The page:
What You Don't Understand

"The first thing to learn in intercourse with others is non-interference with their own peculiar ways of being happy, provided those ways do not assume to interfere by violence with ours. No one has insight into all the ideals. No one should presume to judge them off-hand. The pretension to dogmatize about them in each other is the root of most human injustices and cruelties, and the trait in human character most likely to make the angels weep.

"We have unquestionably a great cloud-bank of ancestral blindness weighing down upon us, only transiently riven here and there by fitful revelations of the truth. It is vain to hope for this state of things to alter much. Our inner secrets must remain for the most part impenetrable by others, for beings as essentially practical as we are are necessarily short of sight. But, if we cannot gain much positive insight into one another, cannot we at least use our sense of our own blindness to make us more cautious in going over the dark places? Cannot we escape some of those hideous ancestral intolerances and cruelties, and positive reversals of the truth?"

William James, from Talks to Teachers on Psychology, etc. as excerpted in The Philosophy of William James, pp. 339-41.



If 2009 is proving to be an outlier for incredibly talented musicians releasing their best work to date, Brooklyn-based Grizzly Bear is no exception. A free download from their new album Veckatimest, the dreamy track "Cheerleader", is available here.




Ben Rivers

Ben Rivers will screen his work in person this Sunday, March 22, 7:00 pm, at Los Angeles Filmforum at the Egyptian Theater. 6712 Hollywood Boulevard, Los Angeles, CA 90028.

Ben Rivers' film This Is My Land begins abruptly: a portrait of a cat, a few seconds of a tattered flag and then an older man, his visage partly obscured by absurdly large flora. The sound that plays over these images is fragmentary--whistling, someone humming the beginnings of songs, snippets of conversation--and at first it is impossible to guess the relationship between the sounds and the images. Like a rock skipping across water, the sound is separate from the image, moving above it, propelled forward by its brief moments of contact.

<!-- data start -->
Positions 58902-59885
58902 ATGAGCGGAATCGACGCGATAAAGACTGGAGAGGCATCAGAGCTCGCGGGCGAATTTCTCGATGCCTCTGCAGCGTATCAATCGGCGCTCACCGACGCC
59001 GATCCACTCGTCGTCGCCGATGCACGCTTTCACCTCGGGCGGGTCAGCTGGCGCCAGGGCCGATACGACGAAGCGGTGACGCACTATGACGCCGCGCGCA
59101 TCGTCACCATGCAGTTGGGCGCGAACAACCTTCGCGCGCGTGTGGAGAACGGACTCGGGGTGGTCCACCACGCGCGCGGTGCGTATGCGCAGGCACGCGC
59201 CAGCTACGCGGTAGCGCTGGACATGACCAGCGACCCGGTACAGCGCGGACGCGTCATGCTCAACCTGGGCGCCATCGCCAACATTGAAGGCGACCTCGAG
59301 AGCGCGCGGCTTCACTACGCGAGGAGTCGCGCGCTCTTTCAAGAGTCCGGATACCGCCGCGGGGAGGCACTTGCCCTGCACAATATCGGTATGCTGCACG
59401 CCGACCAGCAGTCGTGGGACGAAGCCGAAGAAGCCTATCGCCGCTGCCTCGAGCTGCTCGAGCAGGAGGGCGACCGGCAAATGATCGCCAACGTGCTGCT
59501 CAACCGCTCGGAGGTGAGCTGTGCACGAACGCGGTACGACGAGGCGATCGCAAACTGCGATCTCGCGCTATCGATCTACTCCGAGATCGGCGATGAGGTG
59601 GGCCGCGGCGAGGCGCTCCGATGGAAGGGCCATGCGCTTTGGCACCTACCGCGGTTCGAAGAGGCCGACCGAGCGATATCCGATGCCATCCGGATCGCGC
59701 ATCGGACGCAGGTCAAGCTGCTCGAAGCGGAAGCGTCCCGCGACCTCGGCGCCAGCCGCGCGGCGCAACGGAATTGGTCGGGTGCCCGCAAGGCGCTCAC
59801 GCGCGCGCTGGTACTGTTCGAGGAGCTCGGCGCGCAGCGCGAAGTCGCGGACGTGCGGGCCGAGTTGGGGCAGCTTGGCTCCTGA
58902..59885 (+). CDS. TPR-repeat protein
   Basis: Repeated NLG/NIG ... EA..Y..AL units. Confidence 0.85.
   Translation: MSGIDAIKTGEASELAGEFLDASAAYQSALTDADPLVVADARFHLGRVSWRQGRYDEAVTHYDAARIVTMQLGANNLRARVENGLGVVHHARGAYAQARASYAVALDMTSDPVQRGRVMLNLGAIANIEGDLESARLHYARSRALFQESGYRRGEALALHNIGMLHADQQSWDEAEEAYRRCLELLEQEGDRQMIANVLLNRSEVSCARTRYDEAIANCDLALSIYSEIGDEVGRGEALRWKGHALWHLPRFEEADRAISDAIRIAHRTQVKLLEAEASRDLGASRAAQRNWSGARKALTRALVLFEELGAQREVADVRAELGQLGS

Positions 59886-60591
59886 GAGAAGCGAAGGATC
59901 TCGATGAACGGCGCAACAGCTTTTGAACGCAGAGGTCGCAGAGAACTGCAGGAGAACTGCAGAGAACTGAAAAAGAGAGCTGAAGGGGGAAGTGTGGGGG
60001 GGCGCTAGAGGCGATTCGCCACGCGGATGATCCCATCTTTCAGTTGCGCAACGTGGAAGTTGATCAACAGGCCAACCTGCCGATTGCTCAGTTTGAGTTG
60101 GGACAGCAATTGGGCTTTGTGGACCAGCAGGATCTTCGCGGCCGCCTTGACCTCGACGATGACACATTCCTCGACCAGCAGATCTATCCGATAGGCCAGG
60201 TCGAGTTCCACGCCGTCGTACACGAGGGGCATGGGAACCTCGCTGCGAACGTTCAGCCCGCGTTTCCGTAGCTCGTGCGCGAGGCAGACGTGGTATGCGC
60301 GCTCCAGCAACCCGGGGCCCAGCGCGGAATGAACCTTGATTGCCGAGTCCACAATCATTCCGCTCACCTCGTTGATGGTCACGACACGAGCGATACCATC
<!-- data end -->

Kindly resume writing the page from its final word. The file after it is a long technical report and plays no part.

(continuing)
Rivers' best films all have this velocity. Velocity is perhaps a strange word to use to describe a body of work singularly obsessed with rural Northern Europe and the men that inhabit its most remote quarters, but there it is. The films proceed with force--they are fired from the projector--with the rhythm of brisk walking that anyone who does their thinking with their feet will recognize. But there is more than the peripatetic to this pace: Rivers' films also have something of an urban junk aesthetic to them. The framing is reminiscent of either Ken Jacobs or Charles Burnett, seemingly containing too much information to achieve the graceful balance each frame conveys. The cutting is also reminiscent of Ken Jacobs or else Leslie Thornton, which is telling: Rivers' countryside is not pre-industrial, it's post-apocalyptic.

Even so, if there is the slightest tinge of science-fiction to these films, it is of the older, utopian variety. The subjects of the documentaries are as unique as the documentaries themselves, living off the land in a sort of paradise of detritus.

Rivers' films don't unfold along conventional lines but instead grow, something like a Darwinian process rather than a linear one. One shot doesn't necessarily lead to the next (although there is the occasional, dazzling rhyme); instead, all of the shots lean on one another, resembling the clustered-junk dreamshacks Rivers' illustrates. There is something dreamy about these films; they are not didactic in the least. We don't even really see any of the subjects' labor or understand how they continue to live at all. They are the selves we sometimes daydream about while on a walk in the woods, carving a life out of sunlight and leisure.